December 18, 2009


by Kathleen E. Woodiwiss
484 pages, Avon Historical Romance

This year my local New York Romance Writers of America chapter gave their Lifetime Achievement Award to the late Kathleen Woodiwiss and all the talk that night was about The Flame and The Flower, which is considered the genre’s first historical romance novel. Well, wasn’t my face flaming, being a huge historical romance lover and having to admit that I had never read The Flame and The Flower or any Kathleen Woodiwiss novels. I made a vow to do something about it.

So time goes by and finally I picked it up. Now I had been warned by a friend who had not read it that I may have an issue with a rapist hero and that I may not like the book for that reason, but I was determined to read it anyway. Hey, it’s a classic and I couldn’t have all this Flaming and Flowering talk going on around me and me not know what all the fuss was about.

Let’s start with the blurb from Amazon:

The Flower

Doomed to a life of unending toil, Heather Simmons fears for her innocence--until a shocking, desperate act forces her to flee. . . and to seek refuge in the arms of a virile and dangerous stranger.

The Flame

A lusty adventurer married to the sea, Captain Brandon Birmingham courts scorn and peril when he abducts the beautiful fugitive from the tumultuous London dockside. But no power on Earth can compel him to relinquish his exquisite prize. For he is determined to make the sapphire-eyed lovely his woman...and to carry her off to far, uncharted realms of sensuous, passionate love.

Well now. There is a sweeping story for you. A big fat story the likes of which you don’t see much of lately. It was first published in 1972, so I tried to take myself out of my 2009 ‘I’m Every Woman’ mind set and put myself in the head of a 1972 housewife or maybe a hip Charlie girl as I read this story. It was not easy.

The story opens with Heather, a beautiful, gentle girl who was once high and is now low. She is an orphan living with her brutal aunt and hapless uncle. Heather is like a sad Cinderella until she is taken away, supposedly to a better life, by her aunt’s brother. Of course not. Life can’t be that good for Heather. But that doesn’t stop her from hoping or being naive.

When she’s attacked (sure, we all saw that one coming) she’s forced to flee for her life and ends up on the docks where she is mistaken for a prostitute and taken back to Captain Brandon Birmingham, our hero.

Now here is where things get dicey. The Captain is slightly drunk, and thinking she’s his evening delight, and Heather is, well, Heather, and thinking he’s the law out to arrest her. On a ship? I know, she doesn’t get out much. Long story short, Brandon mistakenly rapes Heather (um, how’d that happen?) and now has to hold her captive.

I mean, I like my heroes to be alpha, but Brandon went over the top. Once the hero rapes the heroine, it brings the teeth-gnashing term “bodice ripper” to another level. But this is what the book was, a bodice ripper through and through. (All I could think of was the amount of money wasted on fabric. Yeesh.) And Brandon ripped and ripped and was not all that ashamed of it. But Brandon has an excuse in his own mind for each rip. Made me want to throw the book, or better yet him across the room, but I didn’t, I kept reading.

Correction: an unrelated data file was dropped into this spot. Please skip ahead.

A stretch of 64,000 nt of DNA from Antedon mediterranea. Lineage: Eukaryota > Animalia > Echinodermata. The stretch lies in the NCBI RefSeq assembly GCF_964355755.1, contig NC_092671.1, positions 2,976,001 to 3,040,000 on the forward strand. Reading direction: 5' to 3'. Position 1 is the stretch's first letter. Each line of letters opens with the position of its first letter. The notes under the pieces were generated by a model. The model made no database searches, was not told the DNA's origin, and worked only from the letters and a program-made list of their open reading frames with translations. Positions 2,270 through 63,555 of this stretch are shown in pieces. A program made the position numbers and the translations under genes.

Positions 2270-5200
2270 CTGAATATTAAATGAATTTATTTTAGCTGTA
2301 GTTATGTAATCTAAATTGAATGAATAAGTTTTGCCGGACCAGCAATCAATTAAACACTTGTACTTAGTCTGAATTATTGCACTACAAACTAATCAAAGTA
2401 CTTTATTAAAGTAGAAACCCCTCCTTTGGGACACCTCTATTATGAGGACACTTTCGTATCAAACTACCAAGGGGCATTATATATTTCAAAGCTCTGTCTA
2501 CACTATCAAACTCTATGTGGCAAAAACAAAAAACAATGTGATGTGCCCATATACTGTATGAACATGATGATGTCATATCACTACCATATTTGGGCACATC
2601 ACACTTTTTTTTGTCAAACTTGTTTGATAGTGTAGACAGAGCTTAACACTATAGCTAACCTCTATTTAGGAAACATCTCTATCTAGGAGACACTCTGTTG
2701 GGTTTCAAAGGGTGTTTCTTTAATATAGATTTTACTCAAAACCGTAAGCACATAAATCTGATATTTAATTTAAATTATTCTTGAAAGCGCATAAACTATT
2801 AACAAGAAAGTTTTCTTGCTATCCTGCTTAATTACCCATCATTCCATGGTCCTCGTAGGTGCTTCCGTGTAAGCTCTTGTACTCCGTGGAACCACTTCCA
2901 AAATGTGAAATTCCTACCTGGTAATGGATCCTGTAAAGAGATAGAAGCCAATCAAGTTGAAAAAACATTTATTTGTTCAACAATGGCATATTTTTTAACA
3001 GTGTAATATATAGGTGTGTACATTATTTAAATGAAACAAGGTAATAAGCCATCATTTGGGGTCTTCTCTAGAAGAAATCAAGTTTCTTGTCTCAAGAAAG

Then there was Heather. Long-suffering Heather. So many times I wanted to shake her or follow her around yelling in her ear like at a bad horror movie actress from the 70’s. “Don’t go there!” “He’s in the closet!” “Stay away from the light!”

Heather had the ability to make me a little bit crazy, but still I ending up rooting for her. And I was thrilled when she would show a glimmer of gumption. Small rebellions and standing up when it counted. I kept turning the pages to see how she would triumph over all her adversities. I also knew I had to get past my own want for her to stand up and fight in certain ways that she could not for that time (both the story time and the time the book was written), and hope it would all work out in the end.

And how did I really want it to work out? Did I really want Heather with Brandon, this ultra alpha who seemed to not have any remorse and was only hell-bent on making her his? I kind of did. Somehow Ms. Woodiwiss wrote a story in such a well-crafted way that I was hooked from the beginning. Flipping the pages faster and faster to try and see how she would get these two together in the end.

How could she redeem Brandon enough to make me want anyone with him, let alone poor Heather? And how could I even like Heather when she did all the things that I or any woman I’ve ever known would never do? Well, she did pull it off.

Somehow, from England to South Carolina, one baby, two years, a few murders and some wild accents later, it all worked out for me and I was left with a story that really touched me. A real classic Bodice Ripper.



Sidebar: Just because the term Bodice Ripper was used here. Please don’t feel free to banter it around with any newer romances that don’t apply. Really folks. That’s plain lazy. Just my opinion.

1 comment:

  1. I know this is a novel that has shaped the romance industry, and I own a copy of it...but (I embarrassed to admit this!) I still haven't read it. I keep meaning to--but that TBR pile is just SO high!! One of these days...soon. :) Thanks for the excellent review, Kwana, and for the inspiration to finally pick up this classic.